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The two parties signaled how they planned to present radically different interpretations of the president’s actions and whether they were impeachable. Democrats expressed confidence that Wednesday’s hearing would begin a serious and somber process of publicly exposing Trump’s misconduct, narrated by career diplomats who were alarmed by the president’s push to have Ukraine investigate former vice president Joe Biden and his son, as well as a debunked theory concerning the 2016 election, in exchange for military aid and a White House visit coveted by Ukraine’s new leader.
But I had not realized how much the ground had already begun to shift before our meeting. On Sept. 5, The Post published anrevealing that it had been “reliably told” that Trump was trying to force Zelensky to investigate Biden. On , four days before my visit to Kyiv, House Democrats initiated an investigation into the allegations. That same day, the intelligence community inspector general notified the House and Senate intelligence committees of the whistleblower complaint. The next day, Sept. 10, House Intelligence Committee Chairman Adam B. Schiff (D-Calif.) sent a letter to acting director of national intelligence Joseph Maguire demanding that he turn over the complaint. That is also the day Trump announced he had fired John Bolton as national security adviser. And then, on Sept. 11, aid to Ukraine was unfrozen with no conditions.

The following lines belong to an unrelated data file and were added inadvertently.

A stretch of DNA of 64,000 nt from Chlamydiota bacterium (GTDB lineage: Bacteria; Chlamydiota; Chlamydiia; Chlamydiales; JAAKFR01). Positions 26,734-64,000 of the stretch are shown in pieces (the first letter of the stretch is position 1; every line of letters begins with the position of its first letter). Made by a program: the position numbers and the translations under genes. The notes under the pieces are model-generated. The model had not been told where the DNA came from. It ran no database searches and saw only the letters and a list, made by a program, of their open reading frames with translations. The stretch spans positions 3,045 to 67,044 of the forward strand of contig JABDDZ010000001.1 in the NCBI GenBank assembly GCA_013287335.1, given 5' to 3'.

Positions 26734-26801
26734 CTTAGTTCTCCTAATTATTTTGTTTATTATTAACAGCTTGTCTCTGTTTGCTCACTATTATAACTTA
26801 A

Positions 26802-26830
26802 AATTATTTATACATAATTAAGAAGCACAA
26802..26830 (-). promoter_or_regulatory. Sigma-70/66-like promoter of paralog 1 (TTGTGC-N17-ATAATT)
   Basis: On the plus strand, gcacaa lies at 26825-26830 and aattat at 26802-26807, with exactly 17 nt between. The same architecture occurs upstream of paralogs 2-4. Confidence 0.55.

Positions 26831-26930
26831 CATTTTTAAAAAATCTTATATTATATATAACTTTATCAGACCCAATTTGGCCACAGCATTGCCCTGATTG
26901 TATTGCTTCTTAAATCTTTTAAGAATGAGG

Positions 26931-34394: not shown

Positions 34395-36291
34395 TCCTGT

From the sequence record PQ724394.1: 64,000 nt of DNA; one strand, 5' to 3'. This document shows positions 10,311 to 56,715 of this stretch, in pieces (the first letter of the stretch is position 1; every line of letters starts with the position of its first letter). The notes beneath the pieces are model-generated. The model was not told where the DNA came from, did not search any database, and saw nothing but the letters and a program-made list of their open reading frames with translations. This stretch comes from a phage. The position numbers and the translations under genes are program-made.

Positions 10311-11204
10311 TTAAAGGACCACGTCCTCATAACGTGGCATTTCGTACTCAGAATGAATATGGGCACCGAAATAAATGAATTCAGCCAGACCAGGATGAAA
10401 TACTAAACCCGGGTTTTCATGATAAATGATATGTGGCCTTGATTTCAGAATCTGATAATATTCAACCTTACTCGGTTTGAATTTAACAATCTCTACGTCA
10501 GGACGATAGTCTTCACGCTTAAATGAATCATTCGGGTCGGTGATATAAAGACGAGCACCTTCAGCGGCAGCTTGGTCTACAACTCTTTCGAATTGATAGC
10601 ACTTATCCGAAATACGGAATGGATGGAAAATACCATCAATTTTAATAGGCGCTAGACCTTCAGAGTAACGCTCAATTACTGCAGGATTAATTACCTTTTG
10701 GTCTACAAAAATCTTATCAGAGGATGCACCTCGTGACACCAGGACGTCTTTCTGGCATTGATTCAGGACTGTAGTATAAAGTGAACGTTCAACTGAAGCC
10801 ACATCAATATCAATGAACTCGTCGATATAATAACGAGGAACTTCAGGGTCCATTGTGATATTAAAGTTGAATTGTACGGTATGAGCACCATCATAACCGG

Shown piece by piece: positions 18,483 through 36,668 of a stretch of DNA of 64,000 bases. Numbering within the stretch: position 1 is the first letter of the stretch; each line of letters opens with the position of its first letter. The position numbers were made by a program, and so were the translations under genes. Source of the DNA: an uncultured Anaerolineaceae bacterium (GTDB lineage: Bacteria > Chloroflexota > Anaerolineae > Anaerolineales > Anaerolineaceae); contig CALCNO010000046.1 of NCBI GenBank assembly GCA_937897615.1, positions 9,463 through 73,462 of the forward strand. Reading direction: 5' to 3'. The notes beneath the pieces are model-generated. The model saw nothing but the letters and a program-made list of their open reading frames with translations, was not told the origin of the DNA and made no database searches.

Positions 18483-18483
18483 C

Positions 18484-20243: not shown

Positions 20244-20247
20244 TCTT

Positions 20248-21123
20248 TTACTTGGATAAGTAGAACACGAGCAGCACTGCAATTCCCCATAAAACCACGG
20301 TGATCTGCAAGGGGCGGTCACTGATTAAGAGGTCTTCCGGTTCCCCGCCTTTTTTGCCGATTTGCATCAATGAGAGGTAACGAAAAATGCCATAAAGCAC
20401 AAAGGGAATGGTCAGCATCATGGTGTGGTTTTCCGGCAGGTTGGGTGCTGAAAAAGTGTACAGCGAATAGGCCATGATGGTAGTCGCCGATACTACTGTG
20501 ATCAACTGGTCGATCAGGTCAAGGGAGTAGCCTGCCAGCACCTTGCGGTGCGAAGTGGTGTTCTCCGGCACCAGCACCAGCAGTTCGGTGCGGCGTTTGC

Imagine Zelensky’s dilemma. By the time I met with him in Kyiv, he knew the aid had been released, but the backstory had not yet broken into public view. Ukrainian officials I spoke to about the release of the aid were delighted but a little surprised and unsure as to what had happened. Zelensky and his team were probably trying to figure out whether they should still do the interview.
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The whistleblower’s nine-page memo on efforts to coerce Ukraine to boost Trump’s prospects in 2020 has led to a sprawling investigation stretching from Kyiv to the West Wing.In early August, one of those analysts was staying after hours on a project with even higher stakes. For two weeks, he pored over notes of alarming conversations with White House officials, reviewed details from interagency memos on the U.S. relationship with Ukraine and scanned public statements by President Trump.
A few days later, on Sept. 18 and 19, The Post broke the story wide open. The interview was called off. We are, of course, still trying to get it.
Read more from, or .
What Trump, Pence, Pompeo and others knew, according to Gordon Sondland’s testimony, texts and emails .
A rundown of who knew what when in the pressure campaign against Ukraine, according to the U.S. ambassador to the European Union.Gordon Sondland testified to Congress that he knew there was a quid pro quo, which he communicated to Ukrainian officials. But in putting himself out there, he made sure Congress knew that lots of other high-level officials knew about it, too.